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send out small quantities of it from their mouths, because it smoothes
any part which is rough[696] and transmits the light to them; that
snow never falls in the deep part of the sea[697]; that although water
generally has a tendency downwards, fountains rise up[698], and that
this is the case even at the foot of Ætna[699], burning as it does, so
as to force out the sand like a ball of flame to the distance of 150


And now I must give an account of some of the wonders of fire, which
is the fourth element of nature; but first those produced by means of

CHAP. 108. (104.)—OF MALTHA.

In Samosata, a city of Commagene[700], there is a pool which discharges
an inflammable mud, called Maltha[701]. It adheres to every solid
body which it touches, and moreover, when touched, it follows you,
if you attempt to escape from it. By means of it the people defended
their walls against Lucullus, and the soldiers were burned in their
armour[702]. It is even set on fire in water. We learn by experience
that it can be extinguished only by earth.

CHAP. 109. (105.)—OF NAPHTHA.

Naphtha is a substance of a similar nature[703] (it is so called about
Babylon, and in the territory of the Astaceni, in Parthia[704]),
flowing like liquid bitumen. It has a great affinity to fire, which
instantly darts on it wherever it is seen[705]. It is said, that
in this way it was that Medea burned Jason’s mistress; her crown
having taken fire, when she approached the altar for the purpose of


Among the wonders of mountains there is Ætna, which always burns in
the night[707], and for so long a period has always had materials for
combustion, being in the winter buried in snow, and having the ashes
which it has ejected covered with frost. Nor is it in this mountain
alone that nature rages, threatening to consume the earth[708]; in
Phaselis, the mountain Chimæra burns, and indeed with a continual
flame, day and night[709]. Ctesias of Cnidos informs us, that this
fire is kindled by water, while it is extinguished by earth and by
hay[710]. In the same country of Lycia, the mountains of Hephæstius,
when touched with a flaming torch[711], burn so violently, that even
the stones in the river and the sand burn, while actually in the water:
this fire is also increased by rain. If a person makes furrows in the
ground with a stick which has been kindled at this fire, it is said
that a stream of flame will follow it. The summit of Cophantus, in
Bactria[712], burns during the night; and this is the case in Media and
at Sittacene[713], on the borders of Persia; likewise in Susa, at the
White Tower, from fifteen apertures[714], the greatest of which also
burns in the daytime. The plain of Babylon throws up flame from a place
like a fish-pond[715], an acre in extent. Near Hesperium, a mountain
of the Æthiopians[716], the fields shine in the night-time like stars;
the same thing takes place in the territory of the Megalopolitani.
This fire, however, is internal[717], mild, and not burning the foliage
of a dense wood which is over it[718]. There is also the crater of
Nymphæum[719], which is always burning, in the neighbourhood of a
cold fountain, and which, according to Theopompus, presages direful
calamities to the inhabitants of Apollonia[720]. It is increased by
rain[721], and it throws out bitumen, which, becoming mixed with the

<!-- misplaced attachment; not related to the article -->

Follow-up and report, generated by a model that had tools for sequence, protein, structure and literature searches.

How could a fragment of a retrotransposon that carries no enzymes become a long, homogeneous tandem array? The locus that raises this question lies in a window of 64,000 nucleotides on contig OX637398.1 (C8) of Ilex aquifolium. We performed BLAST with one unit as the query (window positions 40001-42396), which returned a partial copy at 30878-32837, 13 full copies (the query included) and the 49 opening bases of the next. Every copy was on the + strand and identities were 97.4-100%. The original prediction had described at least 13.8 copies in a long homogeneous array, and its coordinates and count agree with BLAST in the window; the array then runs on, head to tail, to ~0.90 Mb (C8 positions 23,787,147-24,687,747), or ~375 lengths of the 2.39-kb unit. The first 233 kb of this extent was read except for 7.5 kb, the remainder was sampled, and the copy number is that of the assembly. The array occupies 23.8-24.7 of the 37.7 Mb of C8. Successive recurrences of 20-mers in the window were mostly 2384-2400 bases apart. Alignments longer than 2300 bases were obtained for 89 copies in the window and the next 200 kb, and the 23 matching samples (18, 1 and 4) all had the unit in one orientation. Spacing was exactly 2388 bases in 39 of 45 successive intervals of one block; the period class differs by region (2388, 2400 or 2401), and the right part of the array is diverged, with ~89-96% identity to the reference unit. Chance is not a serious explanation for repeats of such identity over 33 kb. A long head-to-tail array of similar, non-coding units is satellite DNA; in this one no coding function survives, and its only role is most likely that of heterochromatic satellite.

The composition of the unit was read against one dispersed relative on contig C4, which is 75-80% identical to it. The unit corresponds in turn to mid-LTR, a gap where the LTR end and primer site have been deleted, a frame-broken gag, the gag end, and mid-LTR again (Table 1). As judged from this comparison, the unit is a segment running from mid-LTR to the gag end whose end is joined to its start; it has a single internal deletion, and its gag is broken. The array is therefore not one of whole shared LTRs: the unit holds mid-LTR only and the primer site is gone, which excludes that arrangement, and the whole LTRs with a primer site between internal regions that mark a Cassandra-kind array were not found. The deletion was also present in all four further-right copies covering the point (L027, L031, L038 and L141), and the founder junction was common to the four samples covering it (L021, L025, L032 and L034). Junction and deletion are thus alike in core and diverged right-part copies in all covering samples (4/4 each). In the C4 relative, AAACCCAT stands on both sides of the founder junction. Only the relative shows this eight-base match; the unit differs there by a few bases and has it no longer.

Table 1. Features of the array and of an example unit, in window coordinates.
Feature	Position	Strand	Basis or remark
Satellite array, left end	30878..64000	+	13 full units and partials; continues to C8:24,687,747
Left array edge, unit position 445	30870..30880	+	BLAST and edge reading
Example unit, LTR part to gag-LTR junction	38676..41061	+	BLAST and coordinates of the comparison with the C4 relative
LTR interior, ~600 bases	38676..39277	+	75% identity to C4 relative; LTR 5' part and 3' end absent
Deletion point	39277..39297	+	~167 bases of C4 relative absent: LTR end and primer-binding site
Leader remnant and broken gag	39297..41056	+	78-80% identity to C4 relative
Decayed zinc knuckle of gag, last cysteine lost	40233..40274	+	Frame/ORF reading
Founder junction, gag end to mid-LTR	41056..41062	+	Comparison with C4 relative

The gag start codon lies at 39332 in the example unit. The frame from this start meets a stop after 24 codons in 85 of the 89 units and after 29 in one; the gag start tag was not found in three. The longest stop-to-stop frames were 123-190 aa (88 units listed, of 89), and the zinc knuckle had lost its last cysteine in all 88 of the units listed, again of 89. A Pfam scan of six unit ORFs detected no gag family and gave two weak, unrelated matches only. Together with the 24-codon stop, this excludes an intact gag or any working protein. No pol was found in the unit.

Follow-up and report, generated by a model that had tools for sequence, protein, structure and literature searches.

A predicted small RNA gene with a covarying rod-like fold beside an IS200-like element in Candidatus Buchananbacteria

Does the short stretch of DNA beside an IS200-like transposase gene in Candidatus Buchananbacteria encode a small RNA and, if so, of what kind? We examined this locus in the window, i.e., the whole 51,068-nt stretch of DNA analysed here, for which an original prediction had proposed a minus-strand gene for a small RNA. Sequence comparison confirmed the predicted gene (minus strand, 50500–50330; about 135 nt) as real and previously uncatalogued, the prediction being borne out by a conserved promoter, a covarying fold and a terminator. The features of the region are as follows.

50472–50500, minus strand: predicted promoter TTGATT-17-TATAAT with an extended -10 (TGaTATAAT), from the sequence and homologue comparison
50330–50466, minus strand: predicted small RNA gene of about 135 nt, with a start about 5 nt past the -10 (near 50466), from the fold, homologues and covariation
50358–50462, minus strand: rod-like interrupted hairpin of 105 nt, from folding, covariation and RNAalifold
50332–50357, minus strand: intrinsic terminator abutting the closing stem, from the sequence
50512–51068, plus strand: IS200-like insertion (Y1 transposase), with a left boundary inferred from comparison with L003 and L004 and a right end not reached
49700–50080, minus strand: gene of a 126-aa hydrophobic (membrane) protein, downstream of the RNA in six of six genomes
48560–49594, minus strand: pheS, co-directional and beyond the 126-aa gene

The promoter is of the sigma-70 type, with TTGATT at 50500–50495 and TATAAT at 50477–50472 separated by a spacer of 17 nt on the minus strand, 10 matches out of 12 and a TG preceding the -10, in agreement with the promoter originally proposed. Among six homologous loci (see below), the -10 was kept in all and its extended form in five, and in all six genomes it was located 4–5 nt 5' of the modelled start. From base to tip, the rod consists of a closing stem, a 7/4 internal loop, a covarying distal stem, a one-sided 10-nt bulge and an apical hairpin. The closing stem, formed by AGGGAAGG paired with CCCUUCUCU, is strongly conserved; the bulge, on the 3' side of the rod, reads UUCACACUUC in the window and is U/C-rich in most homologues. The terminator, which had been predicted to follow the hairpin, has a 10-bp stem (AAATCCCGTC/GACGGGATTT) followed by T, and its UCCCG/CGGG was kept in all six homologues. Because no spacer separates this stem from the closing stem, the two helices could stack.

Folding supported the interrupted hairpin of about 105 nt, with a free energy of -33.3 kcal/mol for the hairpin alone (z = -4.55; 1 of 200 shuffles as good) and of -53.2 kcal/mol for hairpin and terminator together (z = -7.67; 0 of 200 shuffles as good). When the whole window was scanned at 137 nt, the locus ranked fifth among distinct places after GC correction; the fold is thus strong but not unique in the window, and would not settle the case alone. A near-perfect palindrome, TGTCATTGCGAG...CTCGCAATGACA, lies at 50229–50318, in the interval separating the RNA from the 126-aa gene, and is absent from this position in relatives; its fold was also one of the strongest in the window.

fountain, renders it unfit to be tasted; it is, at other times, the
weakest of all the bitumens. But what are these compared to other
wonders? Hiera, one of the Æolian isles, in the middle of the sea, near
Italy, together with the sea itself, during the Social war, burned
for several days[722], until expiation was made, by a deputation from
the senate. There is a hill in Æthiopia called Θεῶν ὄχημα[723], which
burns with the greatest violence, throwing out flame that consumes
everything, like the sun[724]. In so many places, and with so many
fires, does nature burn the earth!


But since this one element is of so prolific a nature as to produce
itself, and to increase from the smallest spark, what must we suppose
will be the effect of all those funeral piles of the earth[725]? What
must be the nature of that thing, which, in all parts of the world,
supplies this most greedy voracity without destroying itself? To these
fires must be added those innumerable stars and the great sun itself.
There are also the fires made by men[726], those which are innate in
certain kinds of stones, those produced by the friction of wood[727],
and those in the clouds, which give rise to lightning. It really
exceeds all other wonders, that one single day should pass in which
everything is not consumed, especially when we reflect, that concave
mirrors placed opposite to the sun’s rays produce flame more readily
than any other kind of fire; and that numerous small but natural fires
abound everywhere. In Nymphæum there issues from a rock a fire which is
kindled by rain; it also issues from the waters of the Scantia[728].
This indeed is a feeble flame, since it passes off, remaining only
a short time on any body to which it is applied: an ash tree, which
overshadows this fiery spring, remains always green[729]. In the
territory of Mutina fire issues from the ground on the days that are
consecrated to Vulcan[730]. It is stated by some authors, that if a
burning body falls on the fields below Aricia[731], the ground is set
on fire; and that the stones in the territory of the Sabines and of
the Sidicini[732], if they be oiled, burn with flame. In Egnatia[733],
a town of Salentinum, there is a sacred stone, upon which, when
wood is placed, flame immediately bursts forth. In the altar of Juno
Lacinia[734], which is in the open air, the ashes remain unmoved,
although the winds may be blowing from all quarters.

It appears also that there are sudden fires both in waters and even in
the human body; that the whole of Lake Thrasymenus was on fire[735];